Behind A Wall Of Anonymity, Our Worst Tendencies Come Forth (Or, Our Sacrifice To The Yak-Gods)

Many others before me have taken up arms against Yik Yak. I could dedicate my entire column to an angry invective against this latest variation on the bathroom stall, but this has already been done, and you would probably stop reading if I did. Neither of us want that. I admit that I don’t have Yik Yak on my phone, and I believe that there is a special circle of digital hell reserved for apps like this one. In spite of the potential for users to flood the feed with positive comments, it’s well documented that this low-energy, damaging garbage chokes out the little flowers of good. What I want to know is, why is this app so appealing to high school and college-aged students? Why, in spite of the chaos they create, do Yik Yak and other similar anonymous message boards continue to flourish? What impulse is it satisfying in our lives?

RELATED: Our Battle Over Privacy

We are capable of terrible, blood-curdling ideas. We probably think an absurd number of judgmental thoughts each day. Just this morning, I was quite grateful
that my own internal chatter couldn’t be heard—it wasn’t the prettiest. Being human entails the process of learning to regulate these thoughts and act on the positive ones. Yik Yak and its cousins—even the deathless practice of slander—are not the cause of our ill-begotten ideas, just the latest vehicle for them. A few critics of Yik Yak that I’ve read were scandalized by the content spewing from the “enlightened” generation that we are, and they intimated that social media and the applications themselves are responsible for the apparent flowering of cruelty among the young. Nope. We’re [messed]-up no more or less than those before us. These days, we just have more elaborate veneers of political correctness to hide the grime. And, perhaps more importantly, we have easier ways to spread the grime when we aren’t trying to hide it.

The value of Yik Yak is, once more, its anonymity. No one in her right mind would publicly divulge the words said between two ears in a moment of anger or sadistic pleasure. But we are a group of well-trained over-sharers. Fortunately, most of our energy is sublimated through manicuring LinkedIn and Facebook profiles, but what to do about the stuff we can’t put there?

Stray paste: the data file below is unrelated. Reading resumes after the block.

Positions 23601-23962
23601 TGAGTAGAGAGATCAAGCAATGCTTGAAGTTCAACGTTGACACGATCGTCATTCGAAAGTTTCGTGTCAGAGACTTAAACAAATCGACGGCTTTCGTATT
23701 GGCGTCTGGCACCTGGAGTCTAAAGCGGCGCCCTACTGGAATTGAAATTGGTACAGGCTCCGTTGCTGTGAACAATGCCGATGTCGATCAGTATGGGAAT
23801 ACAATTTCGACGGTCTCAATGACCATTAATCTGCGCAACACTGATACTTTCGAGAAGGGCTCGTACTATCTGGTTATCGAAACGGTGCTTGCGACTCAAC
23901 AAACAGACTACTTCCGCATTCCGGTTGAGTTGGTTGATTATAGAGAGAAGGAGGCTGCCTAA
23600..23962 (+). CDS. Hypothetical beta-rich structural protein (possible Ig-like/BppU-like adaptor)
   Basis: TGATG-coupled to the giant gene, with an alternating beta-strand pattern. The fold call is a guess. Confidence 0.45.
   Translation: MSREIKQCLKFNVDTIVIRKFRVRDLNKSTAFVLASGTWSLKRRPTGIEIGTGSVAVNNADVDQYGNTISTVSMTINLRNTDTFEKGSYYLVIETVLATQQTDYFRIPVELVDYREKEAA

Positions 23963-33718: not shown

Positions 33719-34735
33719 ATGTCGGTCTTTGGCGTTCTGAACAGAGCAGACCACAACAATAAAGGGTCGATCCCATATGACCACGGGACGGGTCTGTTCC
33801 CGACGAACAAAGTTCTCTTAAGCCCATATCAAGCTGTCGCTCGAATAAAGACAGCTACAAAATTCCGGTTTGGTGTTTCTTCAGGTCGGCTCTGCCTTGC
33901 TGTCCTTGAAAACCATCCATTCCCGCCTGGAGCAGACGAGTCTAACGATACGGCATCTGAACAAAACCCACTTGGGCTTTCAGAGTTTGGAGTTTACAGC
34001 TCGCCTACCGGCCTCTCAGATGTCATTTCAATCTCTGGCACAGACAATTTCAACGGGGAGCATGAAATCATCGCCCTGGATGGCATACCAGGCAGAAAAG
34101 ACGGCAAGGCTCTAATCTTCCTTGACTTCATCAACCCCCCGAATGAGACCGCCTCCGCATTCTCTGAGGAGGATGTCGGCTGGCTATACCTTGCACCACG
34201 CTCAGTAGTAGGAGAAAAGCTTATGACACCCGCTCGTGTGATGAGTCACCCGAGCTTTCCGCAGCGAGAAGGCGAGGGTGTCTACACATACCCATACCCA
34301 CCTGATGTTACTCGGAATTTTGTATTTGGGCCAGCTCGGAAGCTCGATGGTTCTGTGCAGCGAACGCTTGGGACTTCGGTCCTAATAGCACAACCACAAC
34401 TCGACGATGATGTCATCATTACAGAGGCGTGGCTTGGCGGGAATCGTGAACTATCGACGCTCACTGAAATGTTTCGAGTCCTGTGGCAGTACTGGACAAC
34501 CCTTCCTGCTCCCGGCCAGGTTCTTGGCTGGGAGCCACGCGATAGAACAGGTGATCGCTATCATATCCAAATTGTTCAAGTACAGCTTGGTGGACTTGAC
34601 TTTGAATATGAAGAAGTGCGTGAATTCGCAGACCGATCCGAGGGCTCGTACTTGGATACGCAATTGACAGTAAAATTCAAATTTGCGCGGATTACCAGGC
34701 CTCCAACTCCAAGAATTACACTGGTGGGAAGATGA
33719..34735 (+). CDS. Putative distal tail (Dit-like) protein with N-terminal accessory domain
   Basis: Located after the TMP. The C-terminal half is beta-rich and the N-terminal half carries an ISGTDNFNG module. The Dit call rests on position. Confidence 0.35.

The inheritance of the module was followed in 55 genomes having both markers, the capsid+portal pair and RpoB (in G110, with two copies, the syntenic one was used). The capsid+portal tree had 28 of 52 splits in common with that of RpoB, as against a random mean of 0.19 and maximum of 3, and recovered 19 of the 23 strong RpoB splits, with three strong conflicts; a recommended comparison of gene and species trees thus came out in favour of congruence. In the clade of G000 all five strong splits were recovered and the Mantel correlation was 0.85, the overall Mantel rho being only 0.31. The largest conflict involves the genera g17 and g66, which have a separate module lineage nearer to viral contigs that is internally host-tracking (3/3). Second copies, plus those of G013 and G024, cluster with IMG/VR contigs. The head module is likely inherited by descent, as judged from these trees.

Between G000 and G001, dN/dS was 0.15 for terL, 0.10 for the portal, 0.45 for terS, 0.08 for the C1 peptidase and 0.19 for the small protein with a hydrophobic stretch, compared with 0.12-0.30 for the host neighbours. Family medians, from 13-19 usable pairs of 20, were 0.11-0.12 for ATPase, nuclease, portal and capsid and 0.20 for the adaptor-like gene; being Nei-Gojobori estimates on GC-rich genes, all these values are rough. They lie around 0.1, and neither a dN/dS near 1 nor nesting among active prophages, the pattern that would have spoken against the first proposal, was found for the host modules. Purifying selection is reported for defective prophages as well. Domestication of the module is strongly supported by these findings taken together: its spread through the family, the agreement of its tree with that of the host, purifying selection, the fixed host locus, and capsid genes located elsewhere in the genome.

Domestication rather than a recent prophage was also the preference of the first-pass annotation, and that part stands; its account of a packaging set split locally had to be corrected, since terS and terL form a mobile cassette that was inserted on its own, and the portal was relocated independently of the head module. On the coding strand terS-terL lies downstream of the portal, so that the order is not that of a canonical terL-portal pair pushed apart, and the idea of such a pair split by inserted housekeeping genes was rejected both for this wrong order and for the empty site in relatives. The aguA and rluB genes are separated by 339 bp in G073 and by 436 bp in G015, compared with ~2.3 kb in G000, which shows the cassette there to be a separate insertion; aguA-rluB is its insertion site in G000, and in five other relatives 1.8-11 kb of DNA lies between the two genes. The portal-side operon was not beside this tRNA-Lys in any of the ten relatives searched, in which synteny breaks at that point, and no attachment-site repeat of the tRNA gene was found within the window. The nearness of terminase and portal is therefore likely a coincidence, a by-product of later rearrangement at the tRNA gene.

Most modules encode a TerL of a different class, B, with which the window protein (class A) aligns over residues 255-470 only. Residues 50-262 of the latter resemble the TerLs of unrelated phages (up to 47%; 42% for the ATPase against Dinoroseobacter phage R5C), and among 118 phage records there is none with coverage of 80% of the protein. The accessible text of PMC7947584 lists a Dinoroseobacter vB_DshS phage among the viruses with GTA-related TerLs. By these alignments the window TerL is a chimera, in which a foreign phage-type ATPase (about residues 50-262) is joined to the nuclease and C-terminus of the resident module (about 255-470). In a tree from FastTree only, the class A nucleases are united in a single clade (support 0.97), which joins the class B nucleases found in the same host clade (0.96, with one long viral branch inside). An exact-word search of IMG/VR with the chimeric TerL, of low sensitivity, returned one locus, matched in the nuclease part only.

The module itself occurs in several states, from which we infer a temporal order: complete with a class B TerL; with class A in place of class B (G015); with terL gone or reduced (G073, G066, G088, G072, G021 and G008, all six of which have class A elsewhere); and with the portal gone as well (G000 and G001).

I doubt that many high school and even college students, upon having a clever but cutting idea, stop and reflect, “should I be thinking this way?” Our minds are still loose canons in matters of self-regulation. Most make the (often unconscious) calculation, “where can I put that?” Up to the Yak-gods it goes. The mind is satisfied—I’ve made my joke, no one will know it was me, and maybe I’ll get the self-esteem boost of a few hundred likes (or whatever the hell the approval system is called). I would like to call this the “Frankenstein Solution.”

Mary Shelley’s Frankenstein, in a nutshell, revolves around the story of a wacked scientist, Dr. Victor Frankenstein, who creates a monstrous creature from inanimate body parts. When the monster rises from the table, Dr. Frankenstein cannot believe what he has birthed, and so flees from his handiwork. The monster is a living, feeling being, however, and retreats into the wilderness upon being so abjectly rejected.

We’ve all had Frankenstein moments. We’ve created something—usually a paper or another assignment—that becomes atrocious in spite of our best intentions to bring something beautiful to life. Or, we’ve allowed something monstrous—words, actions, feelings—to escape us even though they are not representative of our good natures and minds. Yik Yak is the “Frankenstein Solution” because, through it, we are allowed to engender our capacities for ugliness without the responsibility of authorship. Our monsters may run amok in the community and maim our peers, but it is “Okay” because our names aren’t attached to these children. Freedom to create, devoid of all consequences—all things are permitted.

A word of caution to us all, though: at the conclusion of Frankenstein, the monster pursues its creator to the far reaches of the North Pole. Both end up dead. If we cannot find it in ourselves to let Yik Yak run dry and shrivel out of our lives, then let us pray that our nameless monsters cannot find their way back to us. Lord knows they’ve managed to find other casualties.

Featured Image by Jordan Pentaleri / Heights Editor

About Victoria Mariconti 13 Articles
Victoria Mariconti is a staff Opinions columnist for The Heights. She is a member of the Class of 2015 in the College of Arts and Sciences and majors in music. Victoria began writing for The Heights in January 2014.